The symptoms that cause suffering in hospitalized patients who are near death can be addressed by a variety of palliative interventions that improve the patient’s remaining life and ease the stress on both the patient and family members. A new review article summarizes.
Palliative care services can reduce the distress caused by symptoms and improve the quality of life of patients near the end of life. However, the current scarcity of board-certified palliative care specialists — a workforce shortage that is projected to continue far into the future — means that the responsibility for ensuring excellent end-of-life care for dying patients will continue to fall primarily on generalists and on specialists in areas other than palliative care. Thus, familiarity with basic comfort measures is an essential skill for all clinicians who are caring for patients whose death is imminent.
• What is meant by “comfort care”?
Comfort care requires the meticulous palliation of troubling symptoms and offering of skilled psychosocial and spiritual support to the patient and the patient’s family. However, the term is often used in a misleading or imprecise manner — for example, when such care is automatically considered equivalent to a do-not-resuscitate order and, perhaps even without discussion with the patient, is extrapolated to mean the exclusion of a full range of palliative measures appropriate for a dying patient. Rather than simply writing orders for “comfort care” (or “intensive comfort measures,” the term that the authors prefer), the medical team should review the entire plan of care and enter explicit orders to promote comfort and prevent unnecessary interventions.
• What is the treatment of choice for dyspnea in patients approaching death?
Dyspnea can be a debilitating symptom and may lead to substantial anxiety in the patient about the possibility of suffocating. A search for the underlying cause, especially when the degree of dyspnea changes rapidly, may occasionally be appropriate. However, such investigations should not be allowed to delay the treatment of symptoms. Opioids, given either orally or intravenously, are the treatment of choice for dyspnea and have been studied thoroughly in patients with COPD and patients with cancer; they have been found to be effective in alleviating dyspnea and, when used carefully, not to have serious side effects, such as respiratory depression. Patients are regularly given supplemental oxygen for dyspnea, but systematic reviews have found no benefit for patients with cancer or heart failure who do not have hypoxemia; however, oxygen may provide some relief for patients with COPD who do not have hypoxemia.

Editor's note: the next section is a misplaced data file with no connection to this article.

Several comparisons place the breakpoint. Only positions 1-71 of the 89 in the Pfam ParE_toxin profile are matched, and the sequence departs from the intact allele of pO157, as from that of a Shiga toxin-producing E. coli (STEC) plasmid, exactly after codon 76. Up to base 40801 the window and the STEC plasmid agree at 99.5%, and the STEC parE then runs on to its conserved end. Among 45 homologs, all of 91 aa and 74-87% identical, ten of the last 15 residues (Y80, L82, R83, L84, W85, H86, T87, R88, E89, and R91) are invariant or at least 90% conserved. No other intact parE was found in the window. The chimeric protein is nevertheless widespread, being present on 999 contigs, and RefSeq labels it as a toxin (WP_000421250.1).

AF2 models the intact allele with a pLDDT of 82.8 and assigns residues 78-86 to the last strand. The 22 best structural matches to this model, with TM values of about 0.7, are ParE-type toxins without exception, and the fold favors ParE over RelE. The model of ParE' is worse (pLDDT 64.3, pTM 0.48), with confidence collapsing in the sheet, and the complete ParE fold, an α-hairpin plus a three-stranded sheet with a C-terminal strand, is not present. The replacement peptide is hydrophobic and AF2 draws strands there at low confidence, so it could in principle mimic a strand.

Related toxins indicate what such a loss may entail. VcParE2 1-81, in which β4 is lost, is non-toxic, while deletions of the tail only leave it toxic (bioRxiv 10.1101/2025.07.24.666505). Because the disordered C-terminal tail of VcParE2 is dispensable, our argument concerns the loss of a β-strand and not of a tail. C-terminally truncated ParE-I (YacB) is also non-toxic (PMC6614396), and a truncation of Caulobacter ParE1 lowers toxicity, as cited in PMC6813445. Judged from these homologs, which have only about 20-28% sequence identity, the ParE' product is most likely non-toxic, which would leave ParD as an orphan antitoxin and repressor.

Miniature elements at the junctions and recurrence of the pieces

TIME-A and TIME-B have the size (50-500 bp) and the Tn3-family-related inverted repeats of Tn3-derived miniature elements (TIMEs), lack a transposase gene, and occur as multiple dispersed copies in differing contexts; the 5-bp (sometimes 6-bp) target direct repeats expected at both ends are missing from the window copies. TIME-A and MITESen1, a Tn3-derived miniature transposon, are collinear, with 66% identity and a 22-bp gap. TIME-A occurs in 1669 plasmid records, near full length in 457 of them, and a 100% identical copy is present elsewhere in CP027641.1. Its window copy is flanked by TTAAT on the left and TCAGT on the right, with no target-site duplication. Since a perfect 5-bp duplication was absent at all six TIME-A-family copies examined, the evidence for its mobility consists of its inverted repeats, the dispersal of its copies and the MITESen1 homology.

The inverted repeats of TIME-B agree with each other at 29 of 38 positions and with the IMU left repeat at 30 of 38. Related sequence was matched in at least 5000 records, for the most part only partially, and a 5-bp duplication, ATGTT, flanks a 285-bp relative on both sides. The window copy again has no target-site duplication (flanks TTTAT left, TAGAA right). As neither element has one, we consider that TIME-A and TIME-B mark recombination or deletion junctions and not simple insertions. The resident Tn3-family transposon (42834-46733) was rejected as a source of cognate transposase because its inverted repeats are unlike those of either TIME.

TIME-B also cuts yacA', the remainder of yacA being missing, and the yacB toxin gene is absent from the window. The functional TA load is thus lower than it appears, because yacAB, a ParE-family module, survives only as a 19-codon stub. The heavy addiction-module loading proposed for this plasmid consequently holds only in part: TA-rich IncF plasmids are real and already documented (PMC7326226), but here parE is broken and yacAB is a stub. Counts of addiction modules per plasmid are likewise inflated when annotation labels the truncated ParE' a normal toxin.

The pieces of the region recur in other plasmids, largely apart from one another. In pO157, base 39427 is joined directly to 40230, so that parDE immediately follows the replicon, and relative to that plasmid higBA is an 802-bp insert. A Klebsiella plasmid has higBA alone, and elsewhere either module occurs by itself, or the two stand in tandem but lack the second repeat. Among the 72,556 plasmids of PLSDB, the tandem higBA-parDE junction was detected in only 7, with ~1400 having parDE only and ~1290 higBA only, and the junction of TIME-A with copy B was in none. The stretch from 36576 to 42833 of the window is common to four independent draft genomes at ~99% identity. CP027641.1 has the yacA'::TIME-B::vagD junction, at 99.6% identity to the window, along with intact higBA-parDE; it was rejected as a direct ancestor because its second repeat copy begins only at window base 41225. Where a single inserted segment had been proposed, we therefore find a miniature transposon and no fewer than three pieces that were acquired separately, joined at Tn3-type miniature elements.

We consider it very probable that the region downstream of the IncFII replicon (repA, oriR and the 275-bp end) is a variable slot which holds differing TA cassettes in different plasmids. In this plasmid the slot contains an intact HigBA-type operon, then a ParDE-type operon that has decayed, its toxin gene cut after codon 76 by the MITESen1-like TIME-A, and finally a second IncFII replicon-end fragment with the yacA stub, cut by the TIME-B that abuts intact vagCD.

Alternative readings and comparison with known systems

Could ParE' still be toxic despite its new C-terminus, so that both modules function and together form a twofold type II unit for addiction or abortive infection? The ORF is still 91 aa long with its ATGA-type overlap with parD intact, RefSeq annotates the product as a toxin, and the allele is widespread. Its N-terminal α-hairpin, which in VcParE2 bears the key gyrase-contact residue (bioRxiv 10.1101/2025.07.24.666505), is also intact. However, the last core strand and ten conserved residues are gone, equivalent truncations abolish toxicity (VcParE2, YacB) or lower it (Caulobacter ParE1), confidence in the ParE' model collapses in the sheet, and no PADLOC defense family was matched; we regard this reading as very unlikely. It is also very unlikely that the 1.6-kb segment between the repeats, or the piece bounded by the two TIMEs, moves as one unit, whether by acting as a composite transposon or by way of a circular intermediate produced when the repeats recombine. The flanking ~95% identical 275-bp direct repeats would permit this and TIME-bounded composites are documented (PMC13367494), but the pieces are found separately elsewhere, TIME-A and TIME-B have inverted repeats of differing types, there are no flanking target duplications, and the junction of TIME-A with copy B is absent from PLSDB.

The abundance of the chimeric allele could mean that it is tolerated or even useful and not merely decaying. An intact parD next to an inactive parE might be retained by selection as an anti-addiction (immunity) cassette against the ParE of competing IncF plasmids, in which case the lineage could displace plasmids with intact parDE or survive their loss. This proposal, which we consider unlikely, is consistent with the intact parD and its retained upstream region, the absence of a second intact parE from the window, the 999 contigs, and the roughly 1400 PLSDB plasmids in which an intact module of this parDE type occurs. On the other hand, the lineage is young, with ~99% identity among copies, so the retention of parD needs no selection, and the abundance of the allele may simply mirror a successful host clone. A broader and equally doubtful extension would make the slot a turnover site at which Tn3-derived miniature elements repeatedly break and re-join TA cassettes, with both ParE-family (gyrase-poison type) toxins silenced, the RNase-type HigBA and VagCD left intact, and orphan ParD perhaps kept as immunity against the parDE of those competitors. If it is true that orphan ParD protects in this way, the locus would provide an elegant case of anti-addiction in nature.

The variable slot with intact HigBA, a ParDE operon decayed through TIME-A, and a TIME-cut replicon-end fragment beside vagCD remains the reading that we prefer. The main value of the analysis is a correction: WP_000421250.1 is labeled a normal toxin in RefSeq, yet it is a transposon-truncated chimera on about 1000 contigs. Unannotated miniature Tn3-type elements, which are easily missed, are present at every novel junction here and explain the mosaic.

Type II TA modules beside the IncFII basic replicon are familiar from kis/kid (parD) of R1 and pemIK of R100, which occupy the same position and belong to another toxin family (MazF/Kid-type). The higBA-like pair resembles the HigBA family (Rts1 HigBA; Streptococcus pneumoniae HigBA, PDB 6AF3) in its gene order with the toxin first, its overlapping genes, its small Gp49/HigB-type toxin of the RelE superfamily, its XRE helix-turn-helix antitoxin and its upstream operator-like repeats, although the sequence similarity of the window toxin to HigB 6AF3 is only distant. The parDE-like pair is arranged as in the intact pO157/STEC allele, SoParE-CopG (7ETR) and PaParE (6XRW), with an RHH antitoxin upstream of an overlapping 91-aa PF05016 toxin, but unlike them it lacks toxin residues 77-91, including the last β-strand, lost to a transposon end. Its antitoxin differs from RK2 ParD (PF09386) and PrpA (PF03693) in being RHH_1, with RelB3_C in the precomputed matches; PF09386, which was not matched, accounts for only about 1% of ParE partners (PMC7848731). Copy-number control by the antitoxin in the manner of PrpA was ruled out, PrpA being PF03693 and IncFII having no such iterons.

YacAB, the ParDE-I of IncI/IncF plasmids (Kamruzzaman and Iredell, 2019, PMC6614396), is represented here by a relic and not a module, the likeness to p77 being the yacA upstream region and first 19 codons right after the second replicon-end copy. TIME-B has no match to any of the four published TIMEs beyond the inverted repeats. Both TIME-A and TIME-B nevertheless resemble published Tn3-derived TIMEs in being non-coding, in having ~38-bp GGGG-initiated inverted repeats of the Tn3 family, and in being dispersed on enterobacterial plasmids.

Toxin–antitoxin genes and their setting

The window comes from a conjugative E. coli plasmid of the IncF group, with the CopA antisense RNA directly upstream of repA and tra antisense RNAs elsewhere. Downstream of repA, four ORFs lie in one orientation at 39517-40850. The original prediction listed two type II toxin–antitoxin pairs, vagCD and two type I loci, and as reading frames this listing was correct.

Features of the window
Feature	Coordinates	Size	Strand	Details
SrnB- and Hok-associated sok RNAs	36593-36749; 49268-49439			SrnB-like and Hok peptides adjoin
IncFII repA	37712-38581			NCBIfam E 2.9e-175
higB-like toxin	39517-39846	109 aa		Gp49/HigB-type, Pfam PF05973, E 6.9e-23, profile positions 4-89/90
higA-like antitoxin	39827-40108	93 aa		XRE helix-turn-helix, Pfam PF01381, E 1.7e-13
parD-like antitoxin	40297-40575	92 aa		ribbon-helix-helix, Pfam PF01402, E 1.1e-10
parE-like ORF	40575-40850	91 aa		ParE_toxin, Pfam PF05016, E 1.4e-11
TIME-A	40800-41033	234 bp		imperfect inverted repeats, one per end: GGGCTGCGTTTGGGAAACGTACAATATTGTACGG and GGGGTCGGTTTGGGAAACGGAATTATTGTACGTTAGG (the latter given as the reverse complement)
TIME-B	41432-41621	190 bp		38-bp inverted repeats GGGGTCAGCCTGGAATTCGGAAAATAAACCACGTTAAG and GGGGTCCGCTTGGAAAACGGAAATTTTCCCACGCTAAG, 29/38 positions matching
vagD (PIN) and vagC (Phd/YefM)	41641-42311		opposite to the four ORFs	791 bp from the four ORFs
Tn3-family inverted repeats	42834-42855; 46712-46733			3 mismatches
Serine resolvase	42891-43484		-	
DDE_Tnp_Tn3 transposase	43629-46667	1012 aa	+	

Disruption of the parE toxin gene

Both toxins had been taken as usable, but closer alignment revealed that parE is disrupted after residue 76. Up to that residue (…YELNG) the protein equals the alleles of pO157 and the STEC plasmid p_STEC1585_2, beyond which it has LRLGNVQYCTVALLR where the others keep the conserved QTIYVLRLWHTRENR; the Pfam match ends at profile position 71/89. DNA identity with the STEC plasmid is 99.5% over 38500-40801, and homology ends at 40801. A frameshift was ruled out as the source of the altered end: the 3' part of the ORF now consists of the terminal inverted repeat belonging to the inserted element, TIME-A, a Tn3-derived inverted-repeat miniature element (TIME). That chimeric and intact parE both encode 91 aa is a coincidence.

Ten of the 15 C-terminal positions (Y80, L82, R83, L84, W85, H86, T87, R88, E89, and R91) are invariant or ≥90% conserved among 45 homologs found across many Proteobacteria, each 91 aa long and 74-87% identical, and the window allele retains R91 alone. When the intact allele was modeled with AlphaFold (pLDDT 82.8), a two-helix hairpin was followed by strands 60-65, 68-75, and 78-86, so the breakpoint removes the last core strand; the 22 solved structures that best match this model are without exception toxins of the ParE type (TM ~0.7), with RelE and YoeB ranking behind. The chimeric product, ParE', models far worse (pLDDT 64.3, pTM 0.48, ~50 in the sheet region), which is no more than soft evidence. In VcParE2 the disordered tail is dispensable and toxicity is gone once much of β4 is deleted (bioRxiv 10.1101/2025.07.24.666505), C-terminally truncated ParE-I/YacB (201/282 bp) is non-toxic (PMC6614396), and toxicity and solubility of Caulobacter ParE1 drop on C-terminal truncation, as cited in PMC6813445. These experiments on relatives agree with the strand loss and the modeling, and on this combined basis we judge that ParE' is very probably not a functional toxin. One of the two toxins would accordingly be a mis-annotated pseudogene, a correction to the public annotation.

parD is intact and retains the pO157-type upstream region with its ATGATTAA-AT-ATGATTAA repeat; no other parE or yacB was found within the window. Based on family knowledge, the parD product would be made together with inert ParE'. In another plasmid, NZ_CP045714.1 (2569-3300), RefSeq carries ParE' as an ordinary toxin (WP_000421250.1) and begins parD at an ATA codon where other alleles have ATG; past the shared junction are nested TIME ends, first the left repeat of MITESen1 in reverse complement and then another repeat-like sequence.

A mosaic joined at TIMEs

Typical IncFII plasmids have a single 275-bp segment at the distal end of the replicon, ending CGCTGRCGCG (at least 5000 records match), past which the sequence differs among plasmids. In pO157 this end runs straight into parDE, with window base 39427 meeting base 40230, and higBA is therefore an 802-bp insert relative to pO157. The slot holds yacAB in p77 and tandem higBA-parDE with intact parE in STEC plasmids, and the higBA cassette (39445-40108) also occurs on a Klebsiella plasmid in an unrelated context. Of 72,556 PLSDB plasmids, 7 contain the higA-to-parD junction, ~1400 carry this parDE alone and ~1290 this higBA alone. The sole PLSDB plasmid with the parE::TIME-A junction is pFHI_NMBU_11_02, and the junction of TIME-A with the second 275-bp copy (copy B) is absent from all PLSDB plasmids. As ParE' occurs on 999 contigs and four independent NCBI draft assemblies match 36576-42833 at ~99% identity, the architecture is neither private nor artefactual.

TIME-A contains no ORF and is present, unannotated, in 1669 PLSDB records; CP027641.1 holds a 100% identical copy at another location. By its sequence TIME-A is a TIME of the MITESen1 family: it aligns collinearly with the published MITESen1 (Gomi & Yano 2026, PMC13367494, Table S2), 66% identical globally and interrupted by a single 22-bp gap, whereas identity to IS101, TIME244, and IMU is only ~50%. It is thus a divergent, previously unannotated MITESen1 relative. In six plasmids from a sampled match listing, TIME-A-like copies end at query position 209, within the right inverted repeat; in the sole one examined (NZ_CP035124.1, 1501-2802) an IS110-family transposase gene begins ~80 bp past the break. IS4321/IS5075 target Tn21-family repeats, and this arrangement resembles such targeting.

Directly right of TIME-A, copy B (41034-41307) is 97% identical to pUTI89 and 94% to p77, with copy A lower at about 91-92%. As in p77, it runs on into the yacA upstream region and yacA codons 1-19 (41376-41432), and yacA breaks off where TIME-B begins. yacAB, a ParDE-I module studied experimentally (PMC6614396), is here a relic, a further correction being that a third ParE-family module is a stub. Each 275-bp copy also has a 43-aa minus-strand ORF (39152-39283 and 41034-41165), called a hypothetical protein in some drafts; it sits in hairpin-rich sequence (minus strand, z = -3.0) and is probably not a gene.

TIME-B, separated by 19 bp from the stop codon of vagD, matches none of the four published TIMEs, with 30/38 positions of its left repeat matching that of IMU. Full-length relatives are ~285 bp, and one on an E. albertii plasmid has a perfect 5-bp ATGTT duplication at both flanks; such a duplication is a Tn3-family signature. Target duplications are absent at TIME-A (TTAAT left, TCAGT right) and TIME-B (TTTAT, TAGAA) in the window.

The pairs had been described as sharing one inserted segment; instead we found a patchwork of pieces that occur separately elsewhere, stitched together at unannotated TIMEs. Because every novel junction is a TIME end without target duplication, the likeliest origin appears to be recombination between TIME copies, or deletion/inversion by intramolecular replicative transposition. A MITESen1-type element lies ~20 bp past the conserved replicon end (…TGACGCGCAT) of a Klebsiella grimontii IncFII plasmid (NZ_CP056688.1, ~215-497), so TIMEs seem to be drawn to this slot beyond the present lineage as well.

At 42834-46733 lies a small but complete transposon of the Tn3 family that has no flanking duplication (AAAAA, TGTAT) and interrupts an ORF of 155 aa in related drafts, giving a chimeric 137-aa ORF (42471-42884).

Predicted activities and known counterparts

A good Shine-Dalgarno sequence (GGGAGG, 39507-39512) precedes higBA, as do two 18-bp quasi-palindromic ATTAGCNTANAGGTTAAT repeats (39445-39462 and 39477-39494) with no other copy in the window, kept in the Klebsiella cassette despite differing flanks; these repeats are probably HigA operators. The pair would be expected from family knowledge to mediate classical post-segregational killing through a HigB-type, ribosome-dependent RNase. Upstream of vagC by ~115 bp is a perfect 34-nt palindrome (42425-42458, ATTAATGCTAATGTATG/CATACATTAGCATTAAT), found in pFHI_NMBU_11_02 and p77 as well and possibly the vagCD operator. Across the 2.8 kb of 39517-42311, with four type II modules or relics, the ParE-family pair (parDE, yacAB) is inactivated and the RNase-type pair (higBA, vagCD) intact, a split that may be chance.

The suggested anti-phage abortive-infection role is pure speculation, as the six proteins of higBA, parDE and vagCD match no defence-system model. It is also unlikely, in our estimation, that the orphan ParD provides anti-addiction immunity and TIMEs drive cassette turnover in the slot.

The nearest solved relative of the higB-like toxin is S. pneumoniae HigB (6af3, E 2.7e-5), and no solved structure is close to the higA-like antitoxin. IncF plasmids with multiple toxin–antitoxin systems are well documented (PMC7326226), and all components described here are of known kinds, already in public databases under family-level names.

Morning Report Questions
Q: In the dying patient, does the treatment of neuropathic pain differ from that for somatic or visceral pain?
A: Neuropathic pain should be distinguished from somatic or visceral pain, since opioids alone may not provide adequate analgesia for patients with neuropathic pain. For patients with only a few days to live, adjuvant analgesics used for neuropathic pain may not have time to take effect; however, glucocorticoids may be of benefit in treating acute neuropathic pain. The combination of morphine with gabapentin produces analgesia that is more effective than that provided by either agent alone. Other agents (such as transdermal lidocaine, antidepressants, and anticonvulsants) may be considered when longer survival is anticipated.
Q: How should clinicians manage the excessive oral and pharyngeal secretions that are typically observed in the final days of life?
A: The inability to clear oral and tracheobronchial secretions is typically observed in the final days of life and can lead to gurgling sounds in the throat, sometimes referred to as a “death rattle.” Although family members and staff are often distressed by these sounds, they are unlikely to be disturbing to the dying patient, since they typically occur when the patient is unresponsive and lacks an effective cough reflex. The production of “grunting” sounds by the vocal cords is also common in dying patients. Simply repositioning the head may reduce these sounds and reassure loved ones that the patient is not in distress. No convincing evidence beyond clinical reports supports the commonly recommended use of antimuscarinic agents (e.g., atropine and glycopyrrolate) in patients with noisy breathing due to terminal respiratory secretions. A trial of glycopyrrolate can be considered, but the authors do not recommend its routine use, especially given the risk of such side effects as xerostomia, delirium, and sedation. Rather, clinicians should reassure and counsel family members and staff about the unlikelihood that the patient is experiencing discomfort from excessive secretions and about the lack of benefit and potential harm of treatment.